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Pastoral relationships and holding work in primary care: affect, subjectivity and chronicity

Pastoral relationships and holding work in primary care: affect, subjectivity and chronicity
Pastoral relationships and holding work in primary care: affect, subjectivity and chronicity
Objectives: to understand family doctors' constructs of long-term therapeutic relationships with patients in primary care.

Methods: semi-structured interviews were administered to general practitioners with >5 years of experience (n=28) working in an English semi-rural district, and the results were subjected to constant comparative qualitative analysis.

Results: participants identified pastoral relationships as long-standing patterns of doctor—patient interaction aimed at providing reliable supportive care indirectly concerned with clinical medicine. Holding work was identified as a technique for structuring and delivering care within pastoral relationships. Pastoral relationships and holding work were seen as valuable in the affective management of people with long-standing chronic illness, especially mild-to-moderate depression and anxiety.

Discussion: at a time when primary care is undergoing significant structural change, respondents in this study laid emphasis on personal and continuing relationships with patients who had diffuse needs connected with the experience of complex and chronic problems, and their accounts intimately connected life events with health status. Importantly, these accounts suggest that such relationships are hard to define and therefore hard to measure, but have important therapeutic purposes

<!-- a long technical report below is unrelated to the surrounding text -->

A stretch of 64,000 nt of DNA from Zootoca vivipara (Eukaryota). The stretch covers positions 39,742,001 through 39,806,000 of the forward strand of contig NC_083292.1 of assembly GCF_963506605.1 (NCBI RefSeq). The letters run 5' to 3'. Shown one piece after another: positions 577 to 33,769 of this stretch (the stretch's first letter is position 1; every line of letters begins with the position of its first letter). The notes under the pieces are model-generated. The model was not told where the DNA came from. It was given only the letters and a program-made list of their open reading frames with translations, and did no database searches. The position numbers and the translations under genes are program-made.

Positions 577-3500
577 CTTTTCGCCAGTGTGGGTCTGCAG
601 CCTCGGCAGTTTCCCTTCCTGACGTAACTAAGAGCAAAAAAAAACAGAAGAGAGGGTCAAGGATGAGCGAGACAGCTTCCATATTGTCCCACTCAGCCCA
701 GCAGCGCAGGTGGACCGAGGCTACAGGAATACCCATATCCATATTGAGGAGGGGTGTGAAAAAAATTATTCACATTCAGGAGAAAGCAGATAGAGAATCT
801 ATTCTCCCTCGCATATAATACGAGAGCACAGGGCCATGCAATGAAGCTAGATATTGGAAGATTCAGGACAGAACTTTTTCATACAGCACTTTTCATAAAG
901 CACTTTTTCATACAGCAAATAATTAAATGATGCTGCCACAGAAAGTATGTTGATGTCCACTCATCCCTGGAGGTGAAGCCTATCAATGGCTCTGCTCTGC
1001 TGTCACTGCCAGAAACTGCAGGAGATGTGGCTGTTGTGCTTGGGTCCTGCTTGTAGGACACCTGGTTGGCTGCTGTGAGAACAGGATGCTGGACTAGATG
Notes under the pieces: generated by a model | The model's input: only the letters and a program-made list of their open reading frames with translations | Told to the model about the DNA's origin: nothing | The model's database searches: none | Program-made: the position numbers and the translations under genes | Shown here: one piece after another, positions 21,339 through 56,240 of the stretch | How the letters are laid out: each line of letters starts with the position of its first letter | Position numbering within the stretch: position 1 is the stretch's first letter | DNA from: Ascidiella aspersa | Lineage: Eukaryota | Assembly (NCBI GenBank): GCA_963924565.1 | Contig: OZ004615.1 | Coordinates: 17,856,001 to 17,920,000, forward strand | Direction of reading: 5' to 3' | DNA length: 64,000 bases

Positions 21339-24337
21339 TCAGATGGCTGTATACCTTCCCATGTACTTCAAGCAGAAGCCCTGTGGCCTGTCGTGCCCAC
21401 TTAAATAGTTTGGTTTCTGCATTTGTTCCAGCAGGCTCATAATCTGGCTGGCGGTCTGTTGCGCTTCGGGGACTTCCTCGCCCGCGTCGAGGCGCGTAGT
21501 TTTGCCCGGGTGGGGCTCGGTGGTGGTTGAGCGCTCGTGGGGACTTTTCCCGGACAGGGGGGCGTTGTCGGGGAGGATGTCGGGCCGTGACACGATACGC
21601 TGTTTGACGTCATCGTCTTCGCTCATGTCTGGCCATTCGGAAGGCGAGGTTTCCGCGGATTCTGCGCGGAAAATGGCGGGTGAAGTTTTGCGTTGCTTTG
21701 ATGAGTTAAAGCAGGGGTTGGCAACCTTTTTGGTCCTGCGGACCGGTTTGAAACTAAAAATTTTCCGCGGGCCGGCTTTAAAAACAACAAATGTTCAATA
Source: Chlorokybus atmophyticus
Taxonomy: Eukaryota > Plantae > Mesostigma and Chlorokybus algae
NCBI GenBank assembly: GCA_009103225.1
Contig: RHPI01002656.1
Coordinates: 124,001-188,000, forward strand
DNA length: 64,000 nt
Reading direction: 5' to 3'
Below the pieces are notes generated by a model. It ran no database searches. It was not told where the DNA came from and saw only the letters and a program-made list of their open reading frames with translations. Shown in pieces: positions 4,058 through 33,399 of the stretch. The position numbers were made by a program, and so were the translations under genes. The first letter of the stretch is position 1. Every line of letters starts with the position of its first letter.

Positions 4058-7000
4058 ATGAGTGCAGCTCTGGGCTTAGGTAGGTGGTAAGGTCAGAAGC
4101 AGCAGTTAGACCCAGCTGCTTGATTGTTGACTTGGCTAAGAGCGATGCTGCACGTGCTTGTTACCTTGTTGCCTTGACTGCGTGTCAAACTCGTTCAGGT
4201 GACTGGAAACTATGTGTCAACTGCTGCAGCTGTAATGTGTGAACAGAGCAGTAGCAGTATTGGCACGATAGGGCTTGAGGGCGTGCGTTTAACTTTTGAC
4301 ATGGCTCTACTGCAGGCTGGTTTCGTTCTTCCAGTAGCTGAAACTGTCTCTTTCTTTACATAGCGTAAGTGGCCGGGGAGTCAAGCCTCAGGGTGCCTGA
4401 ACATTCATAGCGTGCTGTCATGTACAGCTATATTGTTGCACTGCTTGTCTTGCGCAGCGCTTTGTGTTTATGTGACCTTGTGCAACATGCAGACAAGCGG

1742-3953
157-163
Cocksedge, Simon
64ac9c29-9e1b-410d-b643-26a608a0c636
May, Carl
17697f8d-98f6-40d3-9cc0-022f04009ae4
Cocksedge, Simon
64ac9c29-9e1b-410d-b643-26a608a0c636
May, Carl
17697f8d-98f6-40d3-9cc0-022f04009ae4

Cocksedge, Simon and May, Carl (2005) Pastoral relationships and holding work in primary care: affect, subjectivity and chronicity. Chronic Illness, 1 (2), 157-163. (doi:10.1177/17423953050010020101).

Record type: Article

Abstract

Objectives: to understand family doctors' constructs of long-term therapeutic relationships with patients in primary care.

Methods: semi-structured interviews were administered to general practitioners with >5 years of experience (n=28) working in an English semi-rural district, and the results were subjected to constant comparative qualitative analysis.

Results: participants identified pastoral relationships as long-standing patterns of doctor—patient interaction aimed at providing reliable supportive care indirectly concerned with clinical medicine. Holding work was identified as a technique for structuring and delivering care within pastoral relationships. Pastoral relationships and holding work were seen as valuable in the affective management of people with long-standing chronic illness, especially mild-to-moderate depression and anxiety.

Discussion: at a time when primary care is undergoing significant structural change, respondents in this study laid emphasis on personal and continuing relationships with patients who had diffuse needs connected with the experience of complex and chronic problems, and their accounts intimately connected life events with health status. Importantly, these accounts suggest that such relationships are hard to define and therefore hard to measure, but have important therapeutic purposes

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Published date: June 2005

Identifiers

Local EPrints ID: 163533
URI: http://eprints.soton.ac.uk/id/eprint/163533
ISSN: 1742-3953
PURE UUID: 9037934e-a32b-4cc0-9cbb-4936ba0a5a79
ORCID for Carl May: ORCID iD orcid.org/0000-0002-0451-2690

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Date deposited: 13 Sep 2010 12:07
Last modified: 17 Dec 2019 01:41

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Contributors

Author: Simon Cocksedge
Author: Carl May ORCID iD

University divisions

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